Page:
active word-forming element in English and in many verbs inherited from French and Latin, from Latin de "down, down from, from, off; concerning" (see de), also used as a prefix in Latin, usually meaning "down, off, away, from among, down from," but also "down to the bottom, totally" hence "completely" (intensive or completive), which is its sense in many English words.
As a Latin prefix it also had the function of undoing or reversing a verb's action, and hence it came to be used as a pure privative — "not, do the opposite of, undo" — which is its primary function as a living prefix in English, as in defrost (1895), defuse (1943), de-escalate (1964), etc. In some cases, a reduced form of dis-.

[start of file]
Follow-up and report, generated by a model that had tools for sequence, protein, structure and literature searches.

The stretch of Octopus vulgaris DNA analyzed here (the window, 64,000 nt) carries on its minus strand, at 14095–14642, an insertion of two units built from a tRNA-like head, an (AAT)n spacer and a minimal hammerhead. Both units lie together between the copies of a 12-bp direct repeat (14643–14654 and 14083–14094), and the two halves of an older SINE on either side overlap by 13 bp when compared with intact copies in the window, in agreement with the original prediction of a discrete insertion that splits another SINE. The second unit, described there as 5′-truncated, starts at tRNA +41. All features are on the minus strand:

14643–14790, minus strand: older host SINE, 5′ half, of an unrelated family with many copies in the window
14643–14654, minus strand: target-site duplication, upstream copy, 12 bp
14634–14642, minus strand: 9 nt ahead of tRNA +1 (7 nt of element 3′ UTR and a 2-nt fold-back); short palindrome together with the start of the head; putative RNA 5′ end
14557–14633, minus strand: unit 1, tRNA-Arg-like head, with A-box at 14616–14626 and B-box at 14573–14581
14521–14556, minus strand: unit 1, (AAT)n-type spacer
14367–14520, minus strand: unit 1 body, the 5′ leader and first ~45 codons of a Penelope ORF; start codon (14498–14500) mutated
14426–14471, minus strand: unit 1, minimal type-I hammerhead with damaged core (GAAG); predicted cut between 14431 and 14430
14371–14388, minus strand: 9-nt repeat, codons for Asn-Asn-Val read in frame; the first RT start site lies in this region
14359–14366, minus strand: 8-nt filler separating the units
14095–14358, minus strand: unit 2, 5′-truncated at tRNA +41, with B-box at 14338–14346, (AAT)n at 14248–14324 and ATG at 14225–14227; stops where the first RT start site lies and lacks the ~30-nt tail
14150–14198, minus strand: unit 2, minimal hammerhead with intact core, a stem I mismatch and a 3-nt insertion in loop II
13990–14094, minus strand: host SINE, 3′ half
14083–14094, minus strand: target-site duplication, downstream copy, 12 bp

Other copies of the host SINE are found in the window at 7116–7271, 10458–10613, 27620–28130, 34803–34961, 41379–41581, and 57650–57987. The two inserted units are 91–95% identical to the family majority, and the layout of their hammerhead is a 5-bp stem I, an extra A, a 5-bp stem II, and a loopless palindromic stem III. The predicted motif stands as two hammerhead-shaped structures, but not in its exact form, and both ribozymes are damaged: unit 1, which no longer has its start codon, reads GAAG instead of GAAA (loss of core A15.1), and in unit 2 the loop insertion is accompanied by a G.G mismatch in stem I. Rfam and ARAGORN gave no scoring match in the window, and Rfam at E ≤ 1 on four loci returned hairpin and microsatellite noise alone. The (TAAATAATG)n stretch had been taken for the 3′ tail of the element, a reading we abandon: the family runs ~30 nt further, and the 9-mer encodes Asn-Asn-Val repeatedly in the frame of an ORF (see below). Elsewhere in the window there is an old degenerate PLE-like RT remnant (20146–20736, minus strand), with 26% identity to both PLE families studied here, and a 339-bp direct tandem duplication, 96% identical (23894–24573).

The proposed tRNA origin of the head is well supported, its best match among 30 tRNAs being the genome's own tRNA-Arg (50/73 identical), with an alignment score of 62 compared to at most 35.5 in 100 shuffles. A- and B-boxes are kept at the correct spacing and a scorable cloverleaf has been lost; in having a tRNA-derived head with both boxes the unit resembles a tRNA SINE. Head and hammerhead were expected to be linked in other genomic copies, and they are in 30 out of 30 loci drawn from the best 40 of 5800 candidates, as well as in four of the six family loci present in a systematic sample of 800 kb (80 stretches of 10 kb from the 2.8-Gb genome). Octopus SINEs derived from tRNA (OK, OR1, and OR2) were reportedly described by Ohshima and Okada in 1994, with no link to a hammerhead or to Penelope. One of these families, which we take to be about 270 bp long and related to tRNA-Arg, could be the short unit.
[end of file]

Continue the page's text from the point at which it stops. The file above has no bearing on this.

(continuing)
early 15c., regulaten, "adjust by rule, method, or control," from Late Latin regulatus, past participle of regulare "to control by rule, direct," from Latin regula "rule, straight piece of wood" (from PIE root *reg- "move in a straight line," with derivatives meaning "to direct in a straight line," thus "to lead, rule").
Meaning "to govern by restriction" is from 1620s. Sense of "adjust (a clock, etc.) with reference to a standard of accuracy" is by 1660s. Related: Regulated; regulating.
<a href="https://www.etymonline.com/word/deregulate">Etymology of deregulate by etymonline</a>
Harper, D. (n.d.). Etymology of deregulate. Online Etymology Dictionary. Retrieved $(datetime), from https://www.etymonline.com/word/deregulate